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Nov 13, 2022

A For Sale sign is posted in front of a property in Monterey Park, California on August 16, 2022.

Frederic J. Brown

After two years of a historically poor housing market, listings are beginning to rise quickly.

According to Realtor.com in October, the national active inventory jumped 33.5% compared to last year. This means that supply is at its highest point in two years.

The sellers aren't rushing into the market, as newly listed homes are down 16% and pending listing are down 30%. There is more supply than demand, as the homes on the market haven't sold as quickly as they did six-months ago.

It takes on average 51 days to sell one home, up six days from a year earlier.

"As the rapid rate rise reshapes the housing market dynamics in this fall, both sellers and buyers are taking a step back, to recalibrate plans," said Danielle Hale of Realtor.com.

Mortgage rates have climbed so high and so fast that home shoppers are rushing to the sidelines. Already affordability is difficult, with home prices increasing more than 40% in the wake of the Covid-19 epidemic. But with rates now more than twice what they were in January, at just over 7%, potential buyers are looking at a monthly payment that is nearly $1,000 higher than it would have been at the start of the year.

The availability of housing depends on how much you are willing to pay and what your city is looking for.

In Phoenix, inventory rose by an astonishing 174% in Oct. Over the past two decades, Phoenix saw a flurry of buyers as workers who were able to work anywhere in the world moved out of California's expensive markets. Redfin says that the city has seen a drop in sales of more than 30% since last year.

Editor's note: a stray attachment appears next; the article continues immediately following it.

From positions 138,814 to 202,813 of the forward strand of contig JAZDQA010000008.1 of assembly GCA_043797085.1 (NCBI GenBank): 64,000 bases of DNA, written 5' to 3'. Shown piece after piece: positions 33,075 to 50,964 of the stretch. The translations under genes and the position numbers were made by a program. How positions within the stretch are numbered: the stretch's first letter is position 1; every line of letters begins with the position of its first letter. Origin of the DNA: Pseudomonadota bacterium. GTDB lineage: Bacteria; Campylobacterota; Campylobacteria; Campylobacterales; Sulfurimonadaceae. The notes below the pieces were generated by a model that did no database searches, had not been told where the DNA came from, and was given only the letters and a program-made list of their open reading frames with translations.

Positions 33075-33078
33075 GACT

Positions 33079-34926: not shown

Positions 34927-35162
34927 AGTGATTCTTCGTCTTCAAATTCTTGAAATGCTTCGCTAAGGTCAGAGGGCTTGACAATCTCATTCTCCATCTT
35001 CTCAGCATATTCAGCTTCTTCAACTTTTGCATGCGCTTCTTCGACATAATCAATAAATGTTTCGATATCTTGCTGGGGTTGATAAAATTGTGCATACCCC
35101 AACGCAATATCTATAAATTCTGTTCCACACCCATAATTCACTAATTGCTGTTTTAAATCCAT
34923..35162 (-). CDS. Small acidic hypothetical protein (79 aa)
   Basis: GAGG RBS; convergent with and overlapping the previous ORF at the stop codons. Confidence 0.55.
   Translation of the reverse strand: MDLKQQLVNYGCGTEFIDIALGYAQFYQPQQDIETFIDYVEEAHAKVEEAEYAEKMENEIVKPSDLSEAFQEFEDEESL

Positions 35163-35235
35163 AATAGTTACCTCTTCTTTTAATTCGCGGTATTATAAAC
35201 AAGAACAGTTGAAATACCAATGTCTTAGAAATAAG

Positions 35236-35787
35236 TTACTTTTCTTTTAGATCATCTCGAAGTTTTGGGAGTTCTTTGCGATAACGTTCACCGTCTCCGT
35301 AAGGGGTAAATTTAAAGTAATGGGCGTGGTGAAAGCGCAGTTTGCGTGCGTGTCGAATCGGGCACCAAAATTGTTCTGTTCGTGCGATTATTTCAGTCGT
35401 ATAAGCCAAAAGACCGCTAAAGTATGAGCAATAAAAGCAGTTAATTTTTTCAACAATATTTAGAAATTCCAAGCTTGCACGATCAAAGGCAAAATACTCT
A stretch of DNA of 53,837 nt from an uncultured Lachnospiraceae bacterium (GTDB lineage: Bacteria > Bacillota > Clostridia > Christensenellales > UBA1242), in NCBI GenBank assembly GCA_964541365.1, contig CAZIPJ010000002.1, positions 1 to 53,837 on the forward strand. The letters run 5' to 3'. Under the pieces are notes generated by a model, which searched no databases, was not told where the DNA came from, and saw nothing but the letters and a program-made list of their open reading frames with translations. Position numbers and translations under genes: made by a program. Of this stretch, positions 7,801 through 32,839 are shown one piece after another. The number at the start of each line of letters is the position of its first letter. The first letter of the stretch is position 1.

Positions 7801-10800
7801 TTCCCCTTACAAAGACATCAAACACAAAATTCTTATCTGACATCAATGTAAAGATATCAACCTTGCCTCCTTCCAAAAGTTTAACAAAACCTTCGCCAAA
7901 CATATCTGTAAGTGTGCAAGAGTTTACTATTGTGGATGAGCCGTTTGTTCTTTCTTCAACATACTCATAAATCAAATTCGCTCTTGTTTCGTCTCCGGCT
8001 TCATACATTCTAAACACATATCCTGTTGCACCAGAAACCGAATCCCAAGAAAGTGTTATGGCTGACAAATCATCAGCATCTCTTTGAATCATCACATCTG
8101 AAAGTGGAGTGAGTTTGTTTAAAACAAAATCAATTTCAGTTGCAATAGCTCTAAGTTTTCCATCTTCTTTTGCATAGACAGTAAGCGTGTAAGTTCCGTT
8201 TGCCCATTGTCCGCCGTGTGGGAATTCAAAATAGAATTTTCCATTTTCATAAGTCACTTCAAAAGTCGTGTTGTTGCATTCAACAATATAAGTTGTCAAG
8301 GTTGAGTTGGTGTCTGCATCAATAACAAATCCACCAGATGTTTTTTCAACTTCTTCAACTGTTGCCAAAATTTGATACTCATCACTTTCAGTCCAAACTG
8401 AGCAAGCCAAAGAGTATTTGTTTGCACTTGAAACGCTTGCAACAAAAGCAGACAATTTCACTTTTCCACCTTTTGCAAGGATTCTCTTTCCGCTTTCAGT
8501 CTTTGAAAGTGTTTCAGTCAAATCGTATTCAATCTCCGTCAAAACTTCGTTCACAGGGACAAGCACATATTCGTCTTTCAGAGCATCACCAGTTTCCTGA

Inventory is also up 167% in Raleigh, North Carolina, and up 145% in Nashville, Tennessee, markets that also saw an influx of buyers during the pandemic. Stock levels are still low in Chicago (Milwaukee) and Hartford (Const.), but these markets didn't see the same surges in demand over two years.

The slowdown in demand for homes has caused sellers to cut their prices. There have been a total of 20% price reductions on Realtor.com listings, almost double that of a year back.

Even so, home prices may not be falling as quickly as they were a year ago. According to multiple surveys, the price gains made a year ago are shrinking at an unprecedented rate.

With high prices, more buyers seem to be expanding their search. Just over 60% of listings views on Realtor.com in the third quarter of this year came from shoppers outside of a listing's area. This is an increase of 57% and 52% respectively in the second quarters and the same quarter in 2021.

Buyers who have the flexibility to relocate to lower-priced markets could offset higher mortgage payments. The good news for sellers in these regions is that even if the home is not very expensive, they could still get strong interest from those out-of–towners." Hale concluded.

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